The Power of LinkedIn for Travel Marketing, PT 1

linkedin marketing travel companies

LinkedInThrough many decades of experience, advertisers and advertising agencies have uncovered some basic principles for creating successful strategy, copy and design. Following these suggestions doesn’t necessarily guarantee a winner every time, but it can prevent costly mistakes that destroy the selling power of your ads.

Commandment #1: Match the message to the market

Far too many marketers spend an inordinate amount of time tweaking and word-smithing ad creative, while spending only a fraction of their time on the actual list selection. Creative will only affect about 20% of your response rate. The other 80% will be list and offer. The list therefore is the one area in a campaign where the marketer should spend most of their time.

So, the first step is to make sure your advertising is being seen by the right audience. This may seem like a simple and obvious rule. Yet, many travel companies believe that a great ad will appeal to everyone who likes to travel. They’re wrong.

“Copy cannot create desire for a product,” wrote Eugene Schwartz in his book, Breakthrough Advertising. “It can only focus already existing desires onto a particular product. The copywriter’s task is not to create this mass desire — but to channel it and direct it.”

And that includes travel products. As exciting as your exotic Thailand spa may be, advertising it in a magazine that’s read by people who rarely travel outside the US, or don’t already frequent spas at home, is a waste of time and money.

Commandment #2: Provide an irresistible offer

As you know, an offer is simply what your prospects get when they respond to your ad or mailing — combined with what they have to do to get it. In its simplest form an offer might be “Call us toll-free and save $25”. The discount is what the prospect gets, and the phone call is what she has to do to get it.

“The irresistible offer is an identity-building offer central to a product, service or company where the believable return on investment (ROI) is communicated so clearly and effecticiently that it’s immediately apparent you’d have to be a fool to pass it up,” writes Internet marketing pioneer, Mark Joyner.

This is the biggest difference between direct marketing and general advertising. Direct marketing focuses on driving the largest volume of qualified prospects to an irresistible offer, while general advertising spends its time agonizing over the messaging in the ad and the most creative way to express it. General advertisers are concerned with image and brand. Direct marketers focus on presenting reasons why consumers should buy their products/services right then and there, as well as overcoming any objections the consumer may have. They are concerned with the action they want the consumer to take — and how to get him or her to take it now.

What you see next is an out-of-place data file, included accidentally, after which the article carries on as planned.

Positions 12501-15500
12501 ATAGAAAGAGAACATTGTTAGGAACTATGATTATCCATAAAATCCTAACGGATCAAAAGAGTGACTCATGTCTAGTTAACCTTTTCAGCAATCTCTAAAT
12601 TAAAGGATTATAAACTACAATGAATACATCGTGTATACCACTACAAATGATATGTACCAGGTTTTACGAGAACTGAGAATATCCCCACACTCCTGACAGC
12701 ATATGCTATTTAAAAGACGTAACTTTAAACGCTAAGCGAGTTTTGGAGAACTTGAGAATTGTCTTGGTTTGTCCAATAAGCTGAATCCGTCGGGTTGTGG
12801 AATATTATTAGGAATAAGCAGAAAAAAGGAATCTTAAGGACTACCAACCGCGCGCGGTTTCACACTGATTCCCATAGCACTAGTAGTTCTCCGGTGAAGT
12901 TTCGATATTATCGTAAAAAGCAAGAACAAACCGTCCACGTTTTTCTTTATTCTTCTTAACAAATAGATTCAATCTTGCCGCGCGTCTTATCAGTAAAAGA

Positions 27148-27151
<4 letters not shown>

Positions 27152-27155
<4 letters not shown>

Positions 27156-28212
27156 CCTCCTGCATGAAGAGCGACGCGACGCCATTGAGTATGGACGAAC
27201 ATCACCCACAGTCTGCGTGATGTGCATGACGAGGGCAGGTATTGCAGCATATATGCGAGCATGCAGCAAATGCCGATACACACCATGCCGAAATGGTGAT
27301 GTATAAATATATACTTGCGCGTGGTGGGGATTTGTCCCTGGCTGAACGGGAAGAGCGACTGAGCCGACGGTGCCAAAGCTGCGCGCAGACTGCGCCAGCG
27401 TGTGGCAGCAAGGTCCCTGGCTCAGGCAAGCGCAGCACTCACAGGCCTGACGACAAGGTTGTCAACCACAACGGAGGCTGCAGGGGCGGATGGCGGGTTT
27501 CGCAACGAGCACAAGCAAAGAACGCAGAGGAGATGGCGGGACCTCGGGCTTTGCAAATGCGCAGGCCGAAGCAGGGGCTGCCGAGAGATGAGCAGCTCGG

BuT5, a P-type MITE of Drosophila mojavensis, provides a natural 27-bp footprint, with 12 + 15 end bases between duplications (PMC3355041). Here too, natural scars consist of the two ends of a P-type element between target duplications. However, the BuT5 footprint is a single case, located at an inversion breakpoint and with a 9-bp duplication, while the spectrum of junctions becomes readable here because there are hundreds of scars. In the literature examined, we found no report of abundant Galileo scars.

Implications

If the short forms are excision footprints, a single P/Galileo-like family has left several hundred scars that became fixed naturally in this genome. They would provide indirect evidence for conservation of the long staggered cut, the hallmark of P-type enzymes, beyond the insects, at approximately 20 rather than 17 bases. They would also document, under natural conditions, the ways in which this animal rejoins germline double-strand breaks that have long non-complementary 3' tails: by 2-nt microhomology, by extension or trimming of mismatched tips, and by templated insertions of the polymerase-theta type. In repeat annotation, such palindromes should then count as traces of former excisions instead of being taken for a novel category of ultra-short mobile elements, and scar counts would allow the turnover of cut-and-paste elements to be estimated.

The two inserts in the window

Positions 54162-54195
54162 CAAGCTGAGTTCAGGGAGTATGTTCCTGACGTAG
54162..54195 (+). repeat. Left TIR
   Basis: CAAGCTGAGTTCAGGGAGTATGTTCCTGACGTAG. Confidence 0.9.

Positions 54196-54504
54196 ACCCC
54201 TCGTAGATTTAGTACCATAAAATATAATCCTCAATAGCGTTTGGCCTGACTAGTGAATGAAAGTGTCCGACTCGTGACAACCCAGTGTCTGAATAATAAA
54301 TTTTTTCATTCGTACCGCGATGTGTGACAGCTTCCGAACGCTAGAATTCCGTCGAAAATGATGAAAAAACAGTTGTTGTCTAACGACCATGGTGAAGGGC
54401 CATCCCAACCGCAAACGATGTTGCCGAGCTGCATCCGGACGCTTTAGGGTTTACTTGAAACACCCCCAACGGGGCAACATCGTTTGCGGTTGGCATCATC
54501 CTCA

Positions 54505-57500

So, which is better for marketing — the brand-driven approach of general advertising, or the irresistible offer-driven approach of direct marketing?

A recent study by the Kern Organization found that when marketing sells the offer instead of the brand, it generates approximately 10 times more orders and sales.

Commandment #3: Write an attention-grabbing headline

Today’s consumer has less time than ever for reading articles, editorials, essays, short-stories, books — and ads. Your prospects will spend only a fraction of a second deciding whether to read your ad or turn their attention elsewhere.

The factor that most affects getting your prospect to stop and read is the headline (after the market match and irresistible offer that is). This one creative component carries 80% of the responsibility for getting your ad read, so it behooves travel marketers to give headline construction the attention it deserves.

In his book, How to Make Your Advertising Make Money, John Caples says, “If you can come up with a good headline, you are almost sure to have a good ad. But even the greatest writer can’t save an ad with a poor headline.”

Headlines can do four things for you: (1) grab attention, (2) target the audience, (3) deliver a complete message, and (4) draw the reader into the body copy.

And there are four elements to a powerhouse headline that will accomplish those goals. It must be: (1) urgent, (2) unique, (3) ultra-specific and (4) useful.

Urgency in headlines convinces people to open the email, click through to the landing page, or a purchase now. While urgency is very important for headlines, if you can’t apply all 4 U’s to your content, urgency is the one to leave out.